Before I started Lucy, I had recently finished reading The Duchess Deal (Tessa Dare), The Duke and I (Julia Quinn), and Secrets of a Summer Night (Lisa Kleypas). They all had likeable heroines, but I thought Lucy Bell blew them out of the water. Which is surprising because at first I thought Lucy was going to be quite an annoying heroine. She does babble a lot at the beginning which may give the impression that she is young (which she is) and perhaps stupid (which she is not). But I kept reading and she quickly grew on me.

More than that, the humour throughout the book carried me along and so did the twists, which I was not necessarily expecting from a romance novel.

The love story between the Duke and Lucy is sweet but realistic. Lucy does things an actual human falling in love would do (and sometimes they are hilarious)! Unlike the women in Bridgerton books, Lucy is actually allowed to become angry and actually act upon her anger.

Similarly, the Duke is most certainly an Alpha hero — strong, imposing, handsome, and at times dictatorial. But he is refreshingly not overhandedly commanding and, by the end, his actions had surprised me in pleasant ways.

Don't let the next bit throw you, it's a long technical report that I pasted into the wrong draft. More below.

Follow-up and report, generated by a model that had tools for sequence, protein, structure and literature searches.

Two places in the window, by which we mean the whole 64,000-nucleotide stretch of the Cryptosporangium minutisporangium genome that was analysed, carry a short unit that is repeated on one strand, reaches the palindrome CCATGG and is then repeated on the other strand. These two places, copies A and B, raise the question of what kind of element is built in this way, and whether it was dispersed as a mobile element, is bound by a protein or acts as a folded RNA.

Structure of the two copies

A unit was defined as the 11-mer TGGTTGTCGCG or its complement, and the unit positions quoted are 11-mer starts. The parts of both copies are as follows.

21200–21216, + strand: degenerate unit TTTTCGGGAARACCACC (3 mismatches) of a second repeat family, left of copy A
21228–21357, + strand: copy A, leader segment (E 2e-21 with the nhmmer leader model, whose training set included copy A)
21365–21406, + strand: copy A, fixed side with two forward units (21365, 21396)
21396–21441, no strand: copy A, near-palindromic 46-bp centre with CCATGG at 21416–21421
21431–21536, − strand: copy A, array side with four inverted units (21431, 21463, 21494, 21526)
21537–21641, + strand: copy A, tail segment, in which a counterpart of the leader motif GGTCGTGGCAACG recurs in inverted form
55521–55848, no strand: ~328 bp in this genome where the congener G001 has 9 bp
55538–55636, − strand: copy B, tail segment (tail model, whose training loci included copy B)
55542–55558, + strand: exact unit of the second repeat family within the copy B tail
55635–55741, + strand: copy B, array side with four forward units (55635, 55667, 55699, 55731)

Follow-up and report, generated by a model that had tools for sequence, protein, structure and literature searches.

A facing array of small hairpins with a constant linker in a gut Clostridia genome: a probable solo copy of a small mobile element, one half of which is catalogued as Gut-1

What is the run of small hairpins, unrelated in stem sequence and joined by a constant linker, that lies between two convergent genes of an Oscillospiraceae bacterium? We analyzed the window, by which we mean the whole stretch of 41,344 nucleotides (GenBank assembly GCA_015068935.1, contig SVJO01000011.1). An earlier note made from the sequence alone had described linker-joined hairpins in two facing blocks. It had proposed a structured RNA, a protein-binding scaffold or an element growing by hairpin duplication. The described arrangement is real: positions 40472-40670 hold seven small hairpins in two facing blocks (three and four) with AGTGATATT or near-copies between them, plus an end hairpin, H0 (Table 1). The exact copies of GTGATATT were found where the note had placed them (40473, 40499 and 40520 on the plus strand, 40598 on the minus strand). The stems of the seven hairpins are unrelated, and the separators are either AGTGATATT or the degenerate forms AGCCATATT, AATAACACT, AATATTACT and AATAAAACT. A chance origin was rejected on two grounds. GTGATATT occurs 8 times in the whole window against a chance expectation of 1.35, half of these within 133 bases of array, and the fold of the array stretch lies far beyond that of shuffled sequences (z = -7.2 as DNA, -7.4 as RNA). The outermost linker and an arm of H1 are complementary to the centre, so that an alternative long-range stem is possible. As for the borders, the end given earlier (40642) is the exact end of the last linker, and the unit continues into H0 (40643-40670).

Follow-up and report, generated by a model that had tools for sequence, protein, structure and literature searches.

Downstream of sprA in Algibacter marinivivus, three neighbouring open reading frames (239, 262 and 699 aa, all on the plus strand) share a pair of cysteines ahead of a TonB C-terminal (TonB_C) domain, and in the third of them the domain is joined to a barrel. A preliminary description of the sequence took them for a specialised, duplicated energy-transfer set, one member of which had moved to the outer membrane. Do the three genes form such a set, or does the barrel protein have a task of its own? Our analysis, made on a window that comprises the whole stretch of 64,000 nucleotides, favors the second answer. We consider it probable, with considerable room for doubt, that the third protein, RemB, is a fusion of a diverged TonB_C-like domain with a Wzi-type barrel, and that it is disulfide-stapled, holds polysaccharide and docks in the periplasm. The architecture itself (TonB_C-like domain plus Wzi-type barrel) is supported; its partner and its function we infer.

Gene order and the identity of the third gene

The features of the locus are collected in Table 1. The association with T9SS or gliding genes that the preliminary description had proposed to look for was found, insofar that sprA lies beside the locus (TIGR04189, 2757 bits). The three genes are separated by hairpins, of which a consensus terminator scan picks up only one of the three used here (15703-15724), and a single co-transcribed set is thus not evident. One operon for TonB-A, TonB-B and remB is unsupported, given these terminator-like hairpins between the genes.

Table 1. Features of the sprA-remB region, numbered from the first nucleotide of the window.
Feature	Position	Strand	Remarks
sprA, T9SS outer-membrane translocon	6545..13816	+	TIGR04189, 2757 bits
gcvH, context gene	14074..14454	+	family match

Bartimaeus is also a fantastic character and though she is only a dog, I hope she makes an appearance in future books in the series.

She held up the puppy. “Bartimaeus, meet Henry, unlikely knight in shining armour.”
“A male name for a female puppy?”
“She needs all the help she can get in this sad world. A strong, male name is the least thing I can give this poor, unfortunate pup,” Lucy lectured. “You should remember that when you ever have to name your own children.”
“Lord help me,” Henry muttered as he pushed the shed’s door open.

(Lucy and the Duke of Secrets, Chapter 2, eBook)

This is the first in a quartet of books in the Wishing Well series. Arabella, the heroine of the second book, plays a prominent role in Lucy’s story being the sister of the hero. She comes across as having lots of potential and the author sets the stage well for the next book, giving us lots of little tidbits about the other three girls who will appear in the series. I am also excited to read more about the seminary school that connects the four girls and their teacher, the already-loveable Miss Hilversham. It is only discussed a small amount in the first book, but it is the setting for the entire prequel (which I have yet to read) which you can get here for free when you sign up for the author’s newsletter.

(I’m acquainted with the author of Lucy and the Duke of Secrets – Sofi LaPorte. However, that does not mean I was automatically disposed to like the book. In fact, it is often more awkward to read something a friend has written because if you don’t like their writing, you have to figure out how to either say that tactfully or… lie? So it was actually a relief to find that I did like it and no bluffing would be necessary! Hurrah!)